“You have to be creative about space,” says Lindsay Veros, a 23-year-old master’s student in college counseling and student development at North Carolina State University in Raleigh. In March, when Veros’s classes went online, she moved back home with her mother and her mother’s boyfriend. Within a week, they received word that Veros’s 25-year-old brother had lost his job at a ski resort in Colorado and was headed home, too, which meant four people, two dogs and two cats in a two-bedroom home. A generous, adaptable mind-set is beneficial when it comes to divvying up space. “Who gets the couch? Who gets the bed?” says Veros, who eventually moved into her mother’s 28-foot travel trailer parked in the driveway, where she had Wi-Fi and electricity but no running water. “I was brushing my teeth with bottled water in the yard,” she says.
Communicate early and often. “I waited too long,” Veros says. During the first few weeks, when she stayed in the guest bedroom before her brother arrived, Veros grew increasingly claustrophobic as her mother collected her laundry, raised the shades when she was still sleeping and generally expected her to be free to chat or do chores, even though she was a full-time graduate student with a campus job. Prevent your familial dynamic from reverting back to whatever it was when you last lived together by talking openly about your feelings and how you intend to contribute to the collective. Remember that sometimes what feels like a violation of privacy is just someone trying to love you.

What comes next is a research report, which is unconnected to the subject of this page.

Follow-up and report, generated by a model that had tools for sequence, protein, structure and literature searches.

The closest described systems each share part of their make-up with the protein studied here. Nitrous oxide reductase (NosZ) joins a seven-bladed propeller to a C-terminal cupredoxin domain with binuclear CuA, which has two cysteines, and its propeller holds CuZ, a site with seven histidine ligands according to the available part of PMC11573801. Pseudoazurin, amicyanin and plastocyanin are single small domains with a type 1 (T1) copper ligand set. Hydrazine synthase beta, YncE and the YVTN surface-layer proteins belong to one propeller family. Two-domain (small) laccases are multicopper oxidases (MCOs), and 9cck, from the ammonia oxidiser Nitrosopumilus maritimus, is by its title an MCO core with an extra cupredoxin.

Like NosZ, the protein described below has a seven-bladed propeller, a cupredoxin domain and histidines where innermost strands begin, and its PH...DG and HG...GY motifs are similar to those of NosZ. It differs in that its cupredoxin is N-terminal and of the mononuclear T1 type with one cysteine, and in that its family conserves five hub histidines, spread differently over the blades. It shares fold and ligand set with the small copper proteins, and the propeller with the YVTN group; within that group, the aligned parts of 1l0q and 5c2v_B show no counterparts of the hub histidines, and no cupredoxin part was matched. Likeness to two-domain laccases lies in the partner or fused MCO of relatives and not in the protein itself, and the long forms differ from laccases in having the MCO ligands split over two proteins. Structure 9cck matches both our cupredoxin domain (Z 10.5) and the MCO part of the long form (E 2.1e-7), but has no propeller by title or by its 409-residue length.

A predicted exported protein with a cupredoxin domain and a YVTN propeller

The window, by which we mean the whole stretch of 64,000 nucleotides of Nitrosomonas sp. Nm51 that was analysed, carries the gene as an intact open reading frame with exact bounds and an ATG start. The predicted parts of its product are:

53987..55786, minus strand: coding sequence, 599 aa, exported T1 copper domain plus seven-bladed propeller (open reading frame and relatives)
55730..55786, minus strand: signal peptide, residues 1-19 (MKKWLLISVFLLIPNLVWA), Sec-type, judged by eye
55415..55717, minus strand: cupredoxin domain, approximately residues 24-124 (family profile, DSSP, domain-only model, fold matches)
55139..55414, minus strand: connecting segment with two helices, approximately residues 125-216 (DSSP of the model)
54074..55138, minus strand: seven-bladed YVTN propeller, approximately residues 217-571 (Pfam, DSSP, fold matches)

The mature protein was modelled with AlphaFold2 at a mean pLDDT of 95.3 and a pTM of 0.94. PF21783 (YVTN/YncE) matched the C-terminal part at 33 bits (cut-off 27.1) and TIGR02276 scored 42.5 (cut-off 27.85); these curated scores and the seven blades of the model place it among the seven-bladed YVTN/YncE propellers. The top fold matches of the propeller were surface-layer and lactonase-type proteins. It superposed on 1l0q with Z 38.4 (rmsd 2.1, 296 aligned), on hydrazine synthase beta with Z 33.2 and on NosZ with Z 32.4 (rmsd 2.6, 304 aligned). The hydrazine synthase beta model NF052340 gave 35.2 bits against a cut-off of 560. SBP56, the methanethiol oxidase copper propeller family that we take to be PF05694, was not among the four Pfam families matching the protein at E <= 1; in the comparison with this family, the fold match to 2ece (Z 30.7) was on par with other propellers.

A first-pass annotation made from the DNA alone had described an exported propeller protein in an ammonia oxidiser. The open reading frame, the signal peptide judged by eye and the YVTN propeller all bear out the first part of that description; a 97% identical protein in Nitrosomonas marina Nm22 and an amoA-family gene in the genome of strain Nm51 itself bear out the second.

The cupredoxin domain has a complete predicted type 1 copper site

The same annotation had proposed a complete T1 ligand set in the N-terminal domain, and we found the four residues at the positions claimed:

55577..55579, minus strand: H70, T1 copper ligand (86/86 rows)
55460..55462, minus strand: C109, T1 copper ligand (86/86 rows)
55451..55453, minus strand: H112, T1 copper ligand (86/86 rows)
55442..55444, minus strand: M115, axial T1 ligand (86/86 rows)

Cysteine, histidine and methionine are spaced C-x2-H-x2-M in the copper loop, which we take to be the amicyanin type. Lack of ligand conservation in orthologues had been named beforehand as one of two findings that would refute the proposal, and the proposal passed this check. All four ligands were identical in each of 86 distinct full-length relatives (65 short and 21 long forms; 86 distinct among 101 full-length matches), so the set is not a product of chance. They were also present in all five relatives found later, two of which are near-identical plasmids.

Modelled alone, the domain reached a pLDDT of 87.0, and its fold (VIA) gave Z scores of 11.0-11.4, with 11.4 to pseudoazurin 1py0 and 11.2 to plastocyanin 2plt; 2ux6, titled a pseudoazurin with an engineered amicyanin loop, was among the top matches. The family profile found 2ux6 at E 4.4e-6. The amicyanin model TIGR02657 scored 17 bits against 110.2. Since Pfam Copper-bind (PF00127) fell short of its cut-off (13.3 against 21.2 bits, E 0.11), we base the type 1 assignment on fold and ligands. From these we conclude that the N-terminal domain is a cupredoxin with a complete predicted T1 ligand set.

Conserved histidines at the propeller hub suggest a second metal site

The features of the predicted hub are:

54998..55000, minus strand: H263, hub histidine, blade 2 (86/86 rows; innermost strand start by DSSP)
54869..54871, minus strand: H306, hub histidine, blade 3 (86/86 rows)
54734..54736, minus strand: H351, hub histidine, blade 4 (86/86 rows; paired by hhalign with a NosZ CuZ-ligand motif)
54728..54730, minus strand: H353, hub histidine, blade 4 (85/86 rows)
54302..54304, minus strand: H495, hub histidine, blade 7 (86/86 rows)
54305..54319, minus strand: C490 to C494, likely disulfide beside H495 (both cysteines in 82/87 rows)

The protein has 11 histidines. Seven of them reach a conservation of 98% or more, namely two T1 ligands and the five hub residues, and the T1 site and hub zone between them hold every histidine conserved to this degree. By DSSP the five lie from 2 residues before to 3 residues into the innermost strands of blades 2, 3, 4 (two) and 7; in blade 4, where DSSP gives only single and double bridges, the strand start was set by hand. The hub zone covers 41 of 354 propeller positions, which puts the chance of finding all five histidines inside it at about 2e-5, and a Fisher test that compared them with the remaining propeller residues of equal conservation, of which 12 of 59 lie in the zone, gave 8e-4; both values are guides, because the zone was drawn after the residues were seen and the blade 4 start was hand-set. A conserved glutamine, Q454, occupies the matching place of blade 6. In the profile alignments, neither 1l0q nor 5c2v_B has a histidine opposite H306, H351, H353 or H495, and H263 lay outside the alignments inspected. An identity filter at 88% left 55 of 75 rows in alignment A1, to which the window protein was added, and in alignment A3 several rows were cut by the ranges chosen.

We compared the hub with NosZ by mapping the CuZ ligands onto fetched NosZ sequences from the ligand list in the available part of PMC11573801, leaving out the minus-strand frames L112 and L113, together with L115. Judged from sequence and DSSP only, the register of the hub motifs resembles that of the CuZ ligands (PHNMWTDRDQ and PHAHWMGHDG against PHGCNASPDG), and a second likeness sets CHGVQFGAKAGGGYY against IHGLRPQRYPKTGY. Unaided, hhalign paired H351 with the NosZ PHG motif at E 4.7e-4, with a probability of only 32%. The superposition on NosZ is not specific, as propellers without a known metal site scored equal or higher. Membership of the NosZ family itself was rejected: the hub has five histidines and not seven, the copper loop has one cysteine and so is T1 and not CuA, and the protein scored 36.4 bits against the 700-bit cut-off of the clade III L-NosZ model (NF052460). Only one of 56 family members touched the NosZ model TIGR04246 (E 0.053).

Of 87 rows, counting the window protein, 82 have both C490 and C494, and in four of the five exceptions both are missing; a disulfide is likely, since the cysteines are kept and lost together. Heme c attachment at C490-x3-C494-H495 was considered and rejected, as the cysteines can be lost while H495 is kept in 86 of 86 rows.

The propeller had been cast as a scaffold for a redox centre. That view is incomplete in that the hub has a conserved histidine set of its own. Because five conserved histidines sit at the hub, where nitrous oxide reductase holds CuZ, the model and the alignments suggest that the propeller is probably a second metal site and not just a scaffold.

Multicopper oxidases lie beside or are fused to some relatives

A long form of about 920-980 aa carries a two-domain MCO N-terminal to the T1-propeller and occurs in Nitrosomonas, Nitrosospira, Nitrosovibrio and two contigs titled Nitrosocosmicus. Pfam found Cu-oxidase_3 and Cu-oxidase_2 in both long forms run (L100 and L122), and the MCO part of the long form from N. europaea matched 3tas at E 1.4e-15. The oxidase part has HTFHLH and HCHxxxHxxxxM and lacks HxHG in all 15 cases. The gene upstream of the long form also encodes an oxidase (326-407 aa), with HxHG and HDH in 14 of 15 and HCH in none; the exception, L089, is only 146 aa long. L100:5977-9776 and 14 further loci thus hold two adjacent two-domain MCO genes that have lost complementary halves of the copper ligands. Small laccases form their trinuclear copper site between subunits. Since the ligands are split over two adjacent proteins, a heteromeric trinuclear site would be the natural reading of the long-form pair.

Things got better after Veros and her family started rotating dinner duties, sharing calendars and talking about finances. “Be open with the money conversation,” says Veros, who started paying for the family’s Disney+ account and chipping in for food. Veros thought she would stay a few weeks but ended up staying more than three months. Now she’s back in Raleigh, living with a roommate, finishing her degree online and working as a career counselor to undergraduates. Many of them are suddenly back home after coronavirus clusters broke out just weeks into the fall semester. Some still haven’t unpacked their boxes. “I tell them, ‘You can’t stress out about everything all at once,’” Veros says. “You have to take it day by day.”